Awareness of Quadriceps Tendon Tears Raised by the WWE
There are four quadriceps muscles in the upper leg, with three being superficial and one lying deeper to the others, which have tendons that overlap each other and attach as one to the patella (kneecap) of the leg. A quadriceps tendon tear or rupture then involves partial or complete injury to the tendon where it may come completely off the bone.
This type of injury gained awareness in 2001 when the professional wrestler Paul Levesque (a.k.a. Triple H) suffered a complete quadriceps tendon tear in his left upper leg. With appropriate surgery and physical therapy, Levesque was able to completely recover from the injury and return to wrestling the following year.
- Levesque again as he would further sustain a tear in his right quadriceps tendon later on in his career but would recover completely and at full strength.
- Incidentally, Levesque’s good friend Kevin Nash, who was also a professional wrestler, sustained a quadriceps tendon tear in 2002
- Levesque’s father-in-law, WWE chairman Vincent McMahon, who in 2005 ruptured both his quadriceps tendons when trying to slide into the ring at an event.
The causes of a quadriceps tear are thought to be due to:
- A high impact action with a bad landing on the foot/feet. This may occur when one lands while their knee is still positioned in some flexion (bending position).
- The quadriceps muscle takes on a direct force on the anterior side of the knee, such as during a fall.
Those at higher risk of sustaining such an injury are individuals who have weakened quadriceps tendons due to the following possible issues:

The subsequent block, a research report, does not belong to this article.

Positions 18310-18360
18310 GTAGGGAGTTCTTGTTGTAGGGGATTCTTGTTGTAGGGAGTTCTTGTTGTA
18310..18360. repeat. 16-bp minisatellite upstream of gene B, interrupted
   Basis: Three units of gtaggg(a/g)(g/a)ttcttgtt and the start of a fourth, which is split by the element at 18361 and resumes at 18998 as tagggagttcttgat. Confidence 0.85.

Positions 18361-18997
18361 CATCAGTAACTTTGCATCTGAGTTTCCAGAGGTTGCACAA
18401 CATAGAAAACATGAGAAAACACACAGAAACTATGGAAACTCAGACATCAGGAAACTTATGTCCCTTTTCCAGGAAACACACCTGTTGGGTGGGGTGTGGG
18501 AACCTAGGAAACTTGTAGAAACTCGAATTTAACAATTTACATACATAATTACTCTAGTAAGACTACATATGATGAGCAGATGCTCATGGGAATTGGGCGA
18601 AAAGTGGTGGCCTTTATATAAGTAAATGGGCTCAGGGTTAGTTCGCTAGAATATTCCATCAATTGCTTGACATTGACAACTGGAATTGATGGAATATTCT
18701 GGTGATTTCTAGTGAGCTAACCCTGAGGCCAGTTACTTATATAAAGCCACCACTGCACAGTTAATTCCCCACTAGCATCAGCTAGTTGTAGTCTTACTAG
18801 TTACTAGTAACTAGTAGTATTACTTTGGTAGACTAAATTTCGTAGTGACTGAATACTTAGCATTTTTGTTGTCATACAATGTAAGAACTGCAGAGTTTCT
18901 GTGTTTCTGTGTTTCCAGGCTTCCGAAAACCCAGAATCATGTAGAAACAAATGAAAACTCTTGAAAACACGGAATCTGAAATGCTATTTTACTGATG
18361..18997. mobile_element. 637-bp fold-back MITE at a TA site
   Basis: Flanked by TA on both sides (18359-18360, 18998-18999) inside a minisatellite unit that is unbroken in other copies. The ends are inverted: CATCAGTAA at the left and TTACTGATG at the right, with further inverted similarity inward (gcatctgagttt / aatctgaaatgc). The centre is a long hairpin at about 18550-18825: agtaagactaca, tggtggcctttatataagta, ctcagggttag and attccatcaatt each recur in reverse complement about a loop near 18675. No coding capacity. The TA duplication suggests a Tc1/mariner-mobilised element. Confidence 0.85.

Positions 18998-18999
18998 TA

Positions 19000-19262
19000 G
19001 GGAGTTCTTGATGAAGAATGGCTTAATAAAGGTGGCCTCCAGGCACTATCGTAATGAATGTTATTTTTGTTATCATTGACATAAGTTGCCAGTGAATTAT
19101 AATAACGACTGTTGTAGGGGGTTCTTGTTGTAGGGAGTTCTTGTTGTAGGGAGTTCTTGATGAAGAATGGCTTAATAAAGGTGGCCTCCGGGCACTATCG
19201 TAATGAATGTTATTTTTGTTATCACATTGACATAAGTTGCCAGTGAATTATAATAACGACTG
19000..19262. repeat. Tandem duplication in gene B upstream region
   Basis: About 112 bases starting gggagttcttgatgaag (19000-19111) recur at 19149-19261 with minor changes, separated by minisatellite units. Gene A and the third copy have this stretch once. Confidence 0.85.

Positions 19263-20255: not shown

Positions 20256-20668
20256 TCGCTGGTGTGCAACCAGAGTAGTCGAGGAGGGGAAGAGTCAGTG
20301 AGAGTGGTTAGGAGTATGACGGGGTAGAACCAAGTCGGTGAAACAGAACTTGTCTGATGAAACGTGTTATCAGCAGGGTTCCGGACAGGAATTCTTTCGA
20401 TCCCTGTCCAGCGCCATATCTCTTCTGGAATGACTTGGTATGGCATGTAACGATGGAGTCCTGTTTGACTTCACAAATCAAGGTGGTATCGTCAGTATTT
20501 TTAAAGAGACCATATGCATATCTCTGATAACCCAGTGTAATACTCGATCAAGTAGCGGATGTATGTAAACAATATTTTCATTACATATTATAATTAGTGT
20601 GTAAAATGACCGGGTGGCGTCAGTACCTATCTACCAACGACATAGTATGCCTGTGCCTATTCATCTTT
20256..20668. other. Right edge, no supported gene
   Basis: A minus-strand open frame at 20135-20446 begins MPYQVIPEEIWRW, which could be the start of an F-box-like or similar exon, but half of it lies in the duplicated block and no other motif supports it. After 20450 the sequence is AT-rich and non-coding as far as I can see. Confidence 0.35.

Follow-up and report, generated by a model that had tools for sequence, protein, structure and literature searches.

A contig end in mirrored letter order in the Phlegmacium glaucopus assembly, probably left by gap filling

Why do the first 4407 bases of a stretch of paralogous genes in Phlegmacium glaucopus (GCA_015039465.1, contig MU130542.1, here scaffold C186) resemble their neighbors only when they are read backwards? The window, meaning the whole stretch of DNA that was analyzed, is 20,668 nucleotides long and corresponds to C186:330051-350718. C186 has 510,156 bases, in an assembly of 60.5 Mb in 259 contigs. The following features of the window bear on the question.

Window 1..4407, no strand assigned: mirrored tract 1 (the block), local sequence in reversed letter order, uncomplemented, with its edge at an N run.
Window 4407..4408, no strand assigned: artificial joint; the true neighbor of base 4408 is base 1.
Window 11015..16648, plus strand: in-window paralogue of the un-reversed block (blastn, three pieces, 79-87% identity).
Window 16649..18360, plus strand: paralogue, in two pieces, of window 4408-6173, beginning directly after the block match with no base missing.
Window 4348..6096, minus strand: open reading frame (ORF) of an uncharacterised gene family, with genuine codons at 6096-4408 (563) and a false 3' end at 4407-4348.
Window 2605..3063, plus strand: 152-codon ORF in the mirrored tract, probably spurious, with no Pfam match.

- Inflammation of the tendon (quadriceps tendinitis).
- Decreased blood supply to the tissue.
- Chronic diseases such as secondary hyperparathyroidism causing weakness of the junction between the tendon and bone tissue, chronic kidney disease, or systemic lupus erythematosus.
- Medications such as steroids and fluoroquinolones.
Signs and symptoms
- Tearing or popping sensation at the time of injury.
- Acute knee pain.
- Swelling of the area just above the patella.
- A palpable area of indentation where the quadriceps tendon has torn.
- Inability to straighten the knee with a complete rupture. The only way this can happen is when one places their hand over the area of the tear and pushes against the leg to offer stability.
- Some patients may not be able to walk, but some may still walk despite the injury.
- Initial management of the injury includes applying ice packs to the affected area and elevating the leg to try and reduce as much of the swelling as possible. Imaging procedures such as X-rays, and CT and MRI scans of the knee will be performed to assess the severity of the injury.
- Partial tears are managed conservatively and the knee is immobilized for three to six weeks.
- Complete quadriceps tendon tears are managed through surgical intervention and this needs to be performed as soon as possible or at the latest 72 hours after the injury. Afterwards, the knee is immobilized for four to six weeks and the appropriate physical therapy will be initiated for optimal recovery.
Surgical repair and rehabilitation of torn quadriceps tendons offer excellent outcomes for affected individuals with studies showing that most patients return to their full range of motion, sports participation, muscle strength, and normal daily activities.1
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